Bill Schmoker, Nanortalik, Greenland
IT'S BEEN A WHILE, I KNOW! So what's been going on with me since my incredible 2010 PolarTREC experience? Well, lots. Teaching is as busy and rewarding as always, all the better now that I have all of my awesome PolarTREC stuff to enhance my curriculum. I got to visit my research team at the USGS Marine Science Lab in Menlo Park, CA (see the previous 5 journals about that trip) and have had the honor of presenting photo tips to the last three PolarTREC teacher cadres. I've given presentations about my experience to various groups, and have another chance to spread the word at the...

Expedition Resources

Project Information

Dates:
31 July 2010 to 6 September 2010
Location: USCGC Healy in the Bering, Beaufort, and Chukchi Seas
Project Funded Title: 2010 U.S.-Canada Arctic Continental Shelf Survey

Meet the Team

Bill Schmoker's picture
Centennial Middle School
Boulder, CO
United States

Bill Schmoker is an Earth Science teacher at Centennial Middle School in Boulder, Colorado where he has taught for 23 years. Additionally, Mr. Schmoker was a PolarTREC teacher in 2010 and a National Geographic Grosvenor Teacher Fellow in 2013, works with pre-service teachers, has authored, edited, and consulted on many Earth Science Education products, and has held many leadership roles at the building and district levels throughout his career. Mr. Schmoker is also passionate about birding and bird photography, photographing over 640 species of North American birds and having his photos appear internationally in numerous books, magazines, web sites, and interpretive signage. He has been an instructor for the Denver Audubon Society, Boulder County Nature Association, The Nature Conservancy, the American Birding Association's Youth Birding Program and the Institute for Field Ornithology.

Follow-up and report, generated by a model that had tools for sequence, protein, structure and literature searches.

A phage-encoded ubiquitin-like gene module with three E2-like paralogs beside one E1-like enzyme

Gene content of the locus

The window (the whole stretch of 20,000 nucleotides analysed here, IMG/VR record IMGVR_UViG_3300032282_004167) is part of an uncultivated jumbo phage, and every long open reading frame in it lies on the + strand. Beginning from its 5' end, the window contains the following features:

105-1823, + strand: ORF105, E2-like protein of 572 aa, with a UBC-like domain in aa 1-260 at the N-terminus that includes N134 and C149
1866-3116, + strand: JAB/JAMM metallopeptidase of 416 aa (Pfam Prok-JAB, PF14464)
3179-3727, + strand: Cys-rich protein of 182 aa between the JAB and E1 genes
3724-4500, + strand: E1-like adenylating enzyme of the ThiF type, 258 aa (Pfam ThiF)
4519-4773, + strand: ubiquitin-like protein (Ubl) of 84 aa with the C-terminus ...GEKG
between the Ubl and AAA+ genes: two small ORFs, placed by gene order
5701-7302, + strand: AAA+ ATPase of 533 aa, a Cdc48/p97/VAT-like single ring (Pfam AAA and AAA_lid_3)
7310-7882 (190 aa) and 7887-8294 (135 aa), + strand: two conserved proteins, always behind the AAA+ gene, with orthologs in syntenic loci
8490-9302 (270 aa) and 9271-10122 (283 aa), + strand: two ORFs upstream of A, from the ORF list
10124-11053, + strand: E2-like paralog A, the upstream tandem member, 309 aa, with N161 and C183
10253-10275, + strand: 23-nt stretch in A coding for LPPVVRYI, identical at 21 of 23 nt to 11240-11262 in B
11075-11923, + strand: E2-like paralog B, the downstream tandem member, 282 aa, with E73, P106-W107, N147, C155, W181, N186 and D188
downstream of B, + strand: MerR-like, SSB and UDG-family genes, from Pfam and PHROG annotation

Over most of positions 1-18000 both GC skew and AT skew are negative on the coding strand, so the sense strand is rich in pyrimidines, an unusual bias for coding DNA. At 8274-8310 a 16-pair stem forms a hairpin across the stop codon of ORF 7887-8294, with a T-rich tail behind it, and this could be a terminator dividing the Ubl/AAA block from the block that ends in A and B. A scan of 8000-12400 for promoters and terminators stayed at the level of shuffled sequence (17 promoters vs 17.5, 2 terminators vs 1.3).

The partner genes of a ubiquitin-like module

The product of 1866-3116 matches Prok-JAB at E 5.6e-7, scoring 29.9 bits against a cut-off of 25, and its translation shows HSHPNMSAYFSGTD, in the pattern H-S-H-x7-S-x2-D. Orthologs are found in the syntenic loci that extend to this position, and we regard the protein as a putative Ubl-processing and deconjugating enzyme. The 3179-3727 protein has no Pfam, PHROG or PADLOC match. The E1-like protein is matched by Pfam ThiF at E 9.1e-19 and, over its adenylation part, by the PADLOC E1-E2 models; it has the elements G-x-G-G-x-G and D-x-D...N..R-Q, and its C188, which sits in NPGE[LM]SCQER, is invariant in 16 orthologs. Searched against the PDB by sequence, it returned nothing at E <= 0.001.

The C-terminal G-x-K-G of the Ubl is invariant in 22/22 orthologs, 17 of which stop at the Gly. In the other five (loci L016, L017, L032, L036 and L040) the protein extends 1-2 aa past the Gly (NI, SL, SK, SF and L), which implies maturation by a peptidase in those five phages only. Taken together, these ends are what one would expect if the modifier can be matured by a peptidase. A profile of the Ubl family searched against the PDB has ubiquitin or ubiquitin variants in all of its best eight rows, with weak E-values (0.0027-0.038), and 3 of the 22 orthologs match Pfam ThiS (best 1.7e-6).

Helen Gibbons's picture
U.S. Geological Service
Menlo Park, CA
United States

Helen Gibbons is a public information scientist at the U.S. Geological Survey (USGS) in Menlo Park, California. Ms. Gibbons works with USGS scientists around the country to publish informative articles about their coastal and ocean research in the monthly newsletter Sound Waves (http://soundwaves.usgs.gov/). She also helps researchers create written materials, displays, and hands-on activities for members of the general public interested in USGS science. She is looking forward to sharing ideas with the two teachers participating in the August 2010 Canada-U.S. joint Arctic expedition. Helen will serve as web coordinator for logs and images posted at the Continental Shelf Project Website (http://continentalshelf.gov/) before and during the expedition.

Jonathan Childs's picture
U.S. Geological Survey
Menlo Park, CA
United States

Jonathan Childs is a scientist at the U.S. Geological Survey (USGS) in Menlo Park, California. Mr. Childs scientific interests include using seismic reflection data to study and map the seafloor and studying the unique laws of the worlds oceans.

Brian Edwards's picture
U.S. Geological Survey
Menlo Park, CA
United States

Brian is a sedimentologist with the USGS Pacific Coastal and Marine Science Center who will serve as Chief Scientist aboard Healy during the joint U.S.-Canada extended-continental-shelf survey in August. He brings to the job more than 30 years of sea-going experience on 60-plus coring and geophysical cruises along the west coast of the United States, the Ross Sea (Antarctica), the North Pacific Ocean, and the Bering Sea. Brian specializes in sedimentary processes and stratigraphy, integrating insights gleaned from seafloor rock and sediment samples with information from remote-mapping products, such as close-up photographs of the seafloor, high-resolution bathymetric maps, and seismic-reflection profiles (sound "slices" through the seafloor that create an image like rocks exposed on the walls of the Grand Canyon). His recent studies have focused on how sediment moves from the land to the deep sea, processes controlling submarine landslides, saltwater intrusion into coastal aquifer systems, marine pollution, and seafloor habitats.